Recently I sat in a service and the preacher spoke about JESUS. Yes, that’s right, the preacher actually preached about JESUS. It wasn’t a speech or motivational talk . It wasn’t a bible story about one of the patriarchal characters of the bible, nor was it a message filled with witty sayings and colloquiums. It was a message all about JESUS and that was the focus of this message. An older Methodist Bishop  delivered the sermon seemingly as a reminder of who we serve, why and the basics of what the Gospel is all about.

You see, I’m a “new-old timer” Christian. What this means is simply, I like the the relevant ministry style of our age. The praise and worship bands, repetitive tags on songs, the inspiring messages of how to live in peace, prosperity, hope and even moral ethics. I have to admit I love this style of worship expressions. I can really get a tickling in my emotions in these settings and sometimes even sensing the Holy Spirit’s presence.  As good as these moments are, I’m also old in my soul and love the traditions of the church. The hymns and methods of my denominational (African Methodist Episcopal) upbringing seem to bring me into another place of familiarity and there too I feel Jesus in the place. The dilemma in question, is how do you blend the two without diminishing the other? How can we make the christian cultural relevant without losing the richness of Christ’s mission in us, for us, through us and with us?

However, on this particular Friday night, NOVEMBER 1, 2013 to be exact;  I went deeper into my roots. The setting was right, the choir sang on of my favorites, they also did justice to a wonderful anthem, then the preaching came forth. That type of fiery preaching I grew up listening to. You could hear the rolls, and curls and the inflections of his emphasied pronunciation of his points. It’s some of what my other siblings from another mother would call “black church” or homiletical theatrics (ha), no not black church or emotionalism,  it was  good ole-fashioned church!

I’m almost afraid to let this cat out of the bag; but in the midst of that service  I wanted to scream from the pew from deep within myself. “DON’T STOP THIS SERVICE!!!!! PLEASE DON’T STOP THIS SERVICE!!!!!” PLEASE, NO THIS IS EXACTLY WHAT IS NEEDED. It’s what WE need. It’s what I NEED. I need some ole’time religion that stirs the very core of my spiritual make-up AND penetrates my life beyond the exiting of the sanctuary doors.

Years ago I was raised in the AME CHURCH. As a child I loved church, I was there twice on Sundays, during the week for YPD and choir practice, quarterly, we had meetings with others from around our area. It grew IN me. Yes, I hated the hymns, like all chidden think.  I thought were boring, but singing them over and over and over and over again through the years made me love them. I didn’t understand the concept of love feast on Saturday night and the long drawn out communion methodology with the decalogue on the 1st Sunday. Seeing all the ladies dressed in white, with the little doilies on their heads were sometimes a fashion show to me from a child’s perspective. We just ate the crackers, drank the juice  and tried hard not to waste it on the white covered altar. No, I didn’t understand how my pastor would preach and the church ladies would get the Holy Ghost screaming and yelling and every once in a while someone would jump up and do a little gig. I didn’t fully embrace the Apostle’s Creed message either and didn’t see the logic in why we had to say it every week. I simply learned it,  just like I learned the 23rd Psalm, Sunday school’s motto, YPD creed and the Lord’s Prayer.  I was committed  a “little church girl” going to Mt. Zion AME Church. I didn’t have a choice and in hindsight I’m glad I didn’t because that church grew JESUS in me.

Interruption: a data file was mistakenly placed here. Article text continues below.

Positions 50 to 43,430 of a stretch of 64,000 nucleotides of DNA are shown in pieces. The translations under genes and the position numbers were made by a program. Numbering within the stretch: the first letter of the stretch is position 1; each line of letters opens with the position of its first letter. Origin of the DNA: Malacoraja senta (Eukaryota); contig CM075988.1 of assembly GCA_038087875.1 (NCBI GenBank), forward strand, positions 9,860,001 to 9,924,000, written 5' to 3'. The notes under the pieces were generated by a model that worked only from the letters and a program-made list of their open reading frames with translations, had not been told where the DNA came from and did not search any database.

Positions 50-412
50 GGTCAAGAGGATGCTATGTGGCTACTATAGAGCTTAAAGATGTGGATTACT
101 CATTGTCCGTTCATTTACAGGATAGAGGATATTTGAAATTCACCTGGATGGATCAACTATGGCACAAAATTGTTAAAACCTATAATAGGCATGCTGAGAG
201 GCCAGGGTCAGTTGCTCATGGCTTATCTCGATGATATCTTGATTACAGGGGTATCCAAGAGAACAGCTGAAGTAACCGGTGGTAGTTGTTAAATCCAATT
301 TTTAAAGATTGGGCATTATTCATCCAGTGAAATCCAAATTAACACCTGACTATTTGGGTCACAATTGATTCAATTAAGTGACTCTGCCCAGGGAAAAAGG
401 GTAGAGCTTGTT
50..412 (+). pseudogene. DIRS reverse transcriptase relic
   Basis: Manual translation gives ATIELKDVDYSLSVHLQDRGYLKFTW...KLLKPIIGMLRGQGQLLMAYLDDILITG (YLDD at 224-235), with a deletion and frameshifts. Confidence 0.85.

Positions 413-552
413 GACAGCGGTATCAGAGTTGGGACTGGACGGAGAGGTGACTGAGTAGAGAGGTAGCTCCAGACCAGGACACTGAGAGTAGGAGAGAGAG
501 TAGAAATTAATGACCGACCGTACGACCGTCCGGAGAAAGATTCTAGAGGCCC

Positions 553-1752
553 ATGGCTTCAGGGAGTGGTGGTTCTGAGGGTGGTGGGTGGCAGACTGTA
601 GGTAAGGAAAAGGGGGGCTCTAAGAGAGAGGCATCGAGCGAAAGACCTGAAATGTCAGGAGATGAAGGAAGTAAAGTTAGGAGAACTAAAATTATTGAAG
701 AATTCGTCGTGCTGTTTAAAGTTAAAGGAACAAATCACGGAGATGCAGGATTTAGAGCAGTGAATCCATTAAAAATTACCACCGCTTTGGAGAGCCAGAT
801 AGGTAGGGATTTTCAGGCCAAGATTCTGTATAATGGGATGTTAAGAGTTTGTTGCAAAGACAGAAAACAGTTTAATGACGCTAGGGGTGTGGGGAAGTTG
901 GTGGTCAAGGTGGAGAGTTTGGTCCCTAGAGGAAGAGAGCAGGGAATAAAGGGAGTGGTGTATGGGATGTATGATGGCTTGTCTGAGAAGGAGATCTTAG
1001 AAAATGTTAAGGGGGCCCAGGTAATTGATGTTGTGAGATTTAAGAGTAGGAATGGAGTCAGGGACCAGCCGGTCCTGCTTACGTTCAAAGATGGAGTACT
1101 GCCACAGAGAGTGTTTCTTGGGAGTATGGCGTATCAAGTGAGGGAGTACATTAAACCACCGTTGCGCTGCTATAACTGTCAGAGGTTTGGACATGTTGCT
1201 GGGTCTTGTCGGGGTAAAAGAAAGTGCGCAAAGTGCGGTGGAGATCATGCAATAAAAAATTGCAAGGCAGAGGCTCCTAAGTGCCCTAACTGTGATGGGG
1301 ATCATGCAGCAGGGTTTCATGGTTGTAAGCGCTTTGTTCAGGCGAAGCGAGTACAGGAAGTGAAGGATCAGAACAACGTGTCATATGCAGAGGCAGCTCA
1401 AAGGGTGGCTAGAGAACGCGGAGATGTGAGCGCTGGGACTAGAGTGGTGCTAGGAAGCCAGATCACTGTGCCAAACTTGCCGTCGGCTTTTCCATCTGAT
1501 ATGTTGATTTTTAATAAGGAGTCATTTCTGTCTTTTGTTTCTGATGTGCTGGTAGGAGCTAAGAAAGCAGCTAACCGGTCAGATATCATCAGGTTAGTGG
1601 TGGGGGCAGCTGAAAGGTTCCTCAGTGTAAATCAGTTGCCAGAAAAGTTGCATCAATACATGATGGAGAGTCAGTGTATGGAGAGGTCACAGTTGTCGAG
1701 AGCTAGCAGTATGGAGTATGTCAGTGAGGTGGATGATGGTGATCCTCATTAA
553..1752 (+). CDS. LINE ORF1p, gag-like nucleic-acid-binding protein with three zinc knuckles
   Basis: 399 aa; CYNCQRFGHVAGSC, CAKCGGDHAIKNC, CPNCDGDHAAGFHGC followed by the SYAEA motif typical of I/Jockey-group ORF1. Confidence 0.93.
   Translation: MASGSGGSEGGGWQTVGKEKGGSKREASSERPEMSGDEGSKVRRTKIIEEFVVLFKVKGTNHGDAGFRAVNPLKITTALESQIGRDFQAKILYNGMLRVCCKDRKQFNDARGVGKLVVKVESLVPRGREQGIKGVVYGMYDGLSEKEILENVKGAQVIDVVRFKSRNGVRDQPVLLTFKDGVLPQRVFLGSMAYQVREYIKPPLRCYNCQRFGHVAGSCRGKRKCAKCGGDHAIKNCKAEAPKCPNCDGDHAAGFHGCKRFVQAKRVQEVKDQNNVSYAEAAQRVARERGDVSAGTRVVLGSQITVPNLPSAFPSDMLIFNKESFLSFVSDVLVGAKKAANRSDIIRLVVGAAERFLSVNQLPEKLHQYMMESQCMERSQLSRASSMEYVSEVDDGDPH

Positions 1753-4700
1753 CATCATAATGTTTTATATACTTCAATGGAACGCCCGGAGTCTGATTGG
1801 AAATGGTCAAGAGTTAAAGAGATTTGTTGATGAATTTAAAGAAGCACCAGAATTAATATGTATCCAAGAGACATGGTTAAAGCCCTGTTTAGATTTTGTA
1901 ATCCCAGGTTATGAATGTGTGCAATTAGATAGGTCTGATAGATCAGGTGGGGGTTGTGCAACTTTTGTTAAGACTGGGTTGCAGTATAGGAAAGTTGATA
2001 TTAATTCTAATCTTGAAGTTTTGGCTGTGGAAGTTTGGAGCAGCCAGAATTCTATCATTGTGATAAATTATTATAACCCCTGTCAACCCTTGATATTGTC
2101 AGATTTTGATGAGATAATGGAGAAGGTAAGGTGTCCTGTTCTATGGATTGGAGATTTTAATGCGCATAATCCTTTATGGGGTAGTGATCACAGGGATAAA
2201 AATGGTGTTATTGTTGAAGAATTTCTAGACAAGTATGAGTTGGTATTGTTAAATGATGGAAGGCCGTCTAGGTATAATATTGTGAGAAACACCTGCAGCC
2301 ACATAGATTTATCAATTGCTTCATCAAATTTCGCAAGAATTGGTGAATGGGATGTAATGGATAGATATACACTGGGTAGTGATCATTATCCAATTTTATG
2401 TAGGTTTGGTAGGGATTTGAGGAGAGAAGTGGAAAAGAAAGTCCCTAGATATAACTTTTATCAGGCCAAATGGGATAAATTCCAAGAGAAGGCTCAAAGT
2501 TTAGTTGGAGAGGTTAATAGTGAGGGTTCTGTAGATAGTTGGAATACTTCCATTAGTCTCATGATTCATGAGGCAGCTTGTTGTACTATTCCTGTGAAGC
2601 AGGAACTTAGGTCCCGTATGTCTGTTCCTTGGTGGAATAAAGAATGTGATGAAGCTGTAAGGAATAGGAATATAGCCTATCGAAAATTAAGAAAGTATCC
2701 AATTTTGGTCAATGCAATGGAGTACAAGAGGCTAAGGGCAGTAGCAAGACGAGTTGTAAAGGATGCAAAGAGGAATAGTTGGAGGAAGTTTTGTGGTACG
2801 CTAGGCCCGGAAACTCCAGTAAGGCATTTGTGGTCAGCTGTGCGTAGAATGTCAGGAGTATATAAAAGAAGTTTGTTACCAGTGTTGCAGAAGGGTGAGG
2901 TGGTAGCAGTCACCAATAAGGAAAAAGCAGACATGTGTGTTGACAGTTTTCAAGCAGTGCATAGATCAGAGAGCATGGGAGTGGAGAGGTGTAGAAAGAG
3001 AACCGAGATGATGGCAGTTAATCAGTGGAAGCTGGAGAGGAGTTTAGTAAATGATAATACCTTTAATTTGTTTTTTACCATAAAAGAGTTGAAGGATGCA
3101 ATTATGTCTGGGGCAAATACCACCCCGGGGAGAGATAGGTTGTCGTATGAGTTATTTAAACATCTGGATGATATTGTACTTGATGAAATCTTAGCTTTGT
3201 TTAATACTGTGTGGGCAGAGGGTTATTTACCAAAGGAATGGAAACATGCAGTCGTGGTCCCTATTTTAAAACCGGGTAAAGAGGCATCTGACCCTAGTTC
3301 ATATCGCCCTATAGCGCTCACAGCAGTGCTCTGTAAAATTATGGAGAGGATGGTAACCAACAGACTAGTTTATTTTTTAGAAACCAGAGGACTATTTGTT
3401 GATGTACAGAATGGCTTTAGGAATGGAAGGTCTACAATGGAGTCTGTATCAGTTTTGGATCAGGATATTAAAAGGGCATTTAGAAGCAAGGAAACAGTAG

On Friday night, November 1st,  my roots of JESUS were calling me. It was the foundation of my faith in JESUS. I’M SO GLAD the Bishop challenged the church to get back to the basics of including Christ back into the culture of the church. At the end of the service session before the Bishop broke out with a song entitled, “He’s a Battle-Axe in the Time of A Battle” and the whole church erupted. Everyone was up on their feet singing, rocking, smiling, clapping and praising God the old-timey way. Hhhhmmmm what an impression on my soul and my spirit. I don’t recall ever fully learning it, but I KNEW IT! It was already IN ME.

(My friend says….. your message are good Gewanda, but long….. break them up so readers can digest it all…. well I’m taking her advise……… so stay tuned for Part II it’s on it’s way already.

See you back here Through Gewanda’s Eyes…..

Part II



  1. Hello Gewanda,
    What you have described is celebration. Preaching is the art of empowering the three dimensions of our souls, the cognitive, the behavioral and the affective. How we design our worship experiences can achieve this. However, let’s not confuse our worship experience with finding Jesus. Jesus is not found in the worship services but where we see him in Scripture in the streets addressing the needs of the community. What we do on Sunday morning is celebrate the victories we have had all week long building the kingdom. If the people have not encountered Jesus throughout the week then they have no victories to celebrate. If they have encountered Jesus in their relationship with the world then they will be filled with the Holy Spirit in anyway they choose to have a worship service.


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